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doi: 10.1097/gme.0b013e318199e9f6

Evaluating the role of serotonin in hot flashes after breast cancer using acute tryptophan depletion

Carpenter, Janet S. PhD, RN1; Yu, Menggang PhD2; Wu, Jingwei MS2; Von Ah, Diane PhD, RN1; Milata, Jennifer BSN1; Otte, Julie L. PhD, RN1; Johns, Shelley PsyD3; Schneider, Bryan MD3; Storniolo, Anna Maria MD3; Salomon, Ronald MD4; Desta, Zeuresenay PhD5; Cao, Donghua MS5; Jin, Yan MD5; Philips, Santosh MS5; Skaar, Todd C. PhD5

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Objective: Among women with breast cancer, hot flashes are frequent, severe, and bothersome symptoms that can negatively impact quality of life and compromise compliance with life-saving medications (eg, tamoxifen and aromatase inhibitors). Clinicians' abilities to treat hot flashes are limited due to inadequate understanding of physiological mechanisms involved in hot flashes. Using an acute tryptophan depletion paradigm, we tested whether alterations in central serotonin levels were involved in the induction of hot flashes in women with breast cancer.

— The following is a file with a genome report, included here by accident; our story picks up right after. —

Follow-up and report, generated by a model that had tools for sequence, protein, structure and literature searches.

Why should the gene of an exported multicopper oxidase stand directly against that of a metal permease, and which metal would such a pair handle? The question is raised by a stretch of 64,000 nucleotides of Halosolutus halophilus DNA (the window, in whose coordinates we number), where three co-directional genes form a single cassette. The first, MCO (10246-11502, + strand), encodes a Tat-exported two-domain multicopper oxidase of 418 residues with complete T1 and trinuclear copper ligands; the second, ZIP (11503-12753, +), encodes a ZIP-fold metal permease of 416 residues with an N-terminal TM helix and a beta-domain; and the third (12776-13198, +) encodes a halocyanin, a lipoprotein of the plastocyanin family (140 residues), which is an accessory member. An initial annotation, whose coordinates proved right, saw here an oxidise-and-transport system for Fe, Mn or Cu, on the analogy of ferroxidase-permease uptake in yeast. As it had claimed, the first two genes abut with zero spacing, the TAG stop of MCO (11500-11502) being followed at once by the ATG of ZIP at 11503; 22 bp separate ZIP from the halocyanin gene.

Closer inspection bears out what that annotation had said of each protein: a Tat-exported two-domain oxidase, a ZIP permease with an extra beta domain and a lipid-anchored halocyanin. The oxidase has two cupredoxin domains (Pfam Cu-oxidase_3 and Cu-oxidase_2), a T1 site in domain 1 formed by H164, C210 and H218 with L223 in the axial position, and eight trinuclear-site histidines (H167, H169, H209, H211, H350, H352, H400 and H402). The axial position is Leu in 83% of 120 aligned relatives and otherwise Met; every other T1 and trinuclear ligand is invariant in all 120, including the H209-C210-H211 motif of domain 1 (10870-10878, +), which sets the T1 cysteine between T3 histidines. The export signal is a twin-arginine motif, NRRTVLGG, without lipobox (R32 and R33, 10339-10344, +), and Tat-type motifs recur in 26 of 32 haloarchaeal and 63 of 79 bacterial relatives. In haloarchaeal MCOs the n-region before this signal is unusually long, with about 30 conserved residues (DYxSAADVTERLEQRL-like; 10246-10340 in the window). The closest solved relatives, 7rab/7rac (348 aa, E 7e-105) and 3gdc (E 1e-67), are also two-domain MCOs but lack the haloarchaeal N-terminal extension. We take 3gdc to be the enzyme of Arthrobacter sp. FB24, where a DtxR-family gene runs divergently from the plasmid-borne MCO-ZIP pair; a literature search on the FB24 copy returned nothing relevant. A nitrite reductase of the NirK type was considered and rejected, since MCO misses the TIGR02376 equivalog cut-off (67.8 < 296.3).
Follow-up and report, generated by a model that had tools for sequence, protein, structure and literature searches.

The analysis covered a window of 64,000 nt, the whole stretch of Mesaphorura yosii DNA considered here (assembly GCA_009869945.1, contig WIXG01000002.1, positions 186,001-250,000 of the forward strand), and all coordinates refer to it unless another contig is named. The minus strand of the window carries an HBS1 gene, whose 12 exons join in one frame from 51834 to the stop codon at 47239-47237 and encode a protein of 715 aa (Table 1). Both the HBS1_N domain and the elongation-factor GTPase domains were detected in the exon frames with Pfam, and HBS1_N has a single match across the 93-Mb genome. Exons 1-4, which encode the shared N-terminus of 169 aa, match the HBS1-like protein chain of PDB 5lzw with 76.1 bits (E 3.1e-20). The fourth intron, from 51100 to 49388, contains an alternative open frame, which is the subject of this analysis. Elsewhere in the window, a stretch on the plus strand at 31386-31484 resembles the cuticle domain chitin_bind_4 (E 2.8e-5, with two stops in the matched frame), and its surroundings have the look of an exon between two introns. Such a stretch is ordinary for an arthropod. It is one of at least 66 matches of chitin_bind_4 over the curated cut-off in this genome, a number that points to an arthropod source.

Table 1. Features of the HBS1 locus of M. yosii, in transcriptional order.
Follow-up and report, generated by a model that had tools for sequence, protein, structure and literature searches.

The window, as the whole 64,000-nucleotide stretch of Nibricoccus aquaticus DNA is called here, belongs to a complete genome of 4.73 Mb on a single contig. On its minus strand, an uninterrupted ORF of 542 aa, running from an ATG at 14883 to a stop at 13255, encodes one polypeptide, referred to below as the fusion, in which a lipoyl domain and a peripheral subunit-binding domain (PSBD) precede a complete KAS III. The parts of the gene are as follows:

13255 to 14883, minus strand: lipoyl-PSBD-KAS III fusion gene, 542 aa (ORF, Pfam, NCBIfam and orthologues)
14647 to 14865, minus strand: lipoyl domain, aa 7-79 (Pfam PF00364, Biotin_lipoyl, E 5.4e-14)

Methods: This was a within-participant, double-blind, controlled, balanced, crossover study. Twenty-seven women completed two 9-hour test days. On one test day, women ingested a concentrated amino acid drink and encapsulated amino acids (no tryptophan) according to published procedures that have been shown to have specific effects on serotonin within 4.5 to 7 hours. On the other test day, women ingested a control drink. Serial venous blood sampling and objective hot flash monitoring were used to evaluate response to each condition.

Results: Response to acute tryptophan depletion was variable and unexplained by use of selective serotonin reuptake inhibitors, antiestrogens, breast cancer disease and treatment variables, or genetic polymorphisms in serotonin receptor and transporter genes. Contrary to our hypothesis, hot flashes were not worsened with acute tryptophan depletion.

Conclusions: Physiologically documented and self-reported hot flashes were not exacerbated by tryptophan depletion. Additional mechanistic research is needed to better understand the etiology of hot flashes.

©2009The North American Menopause Society


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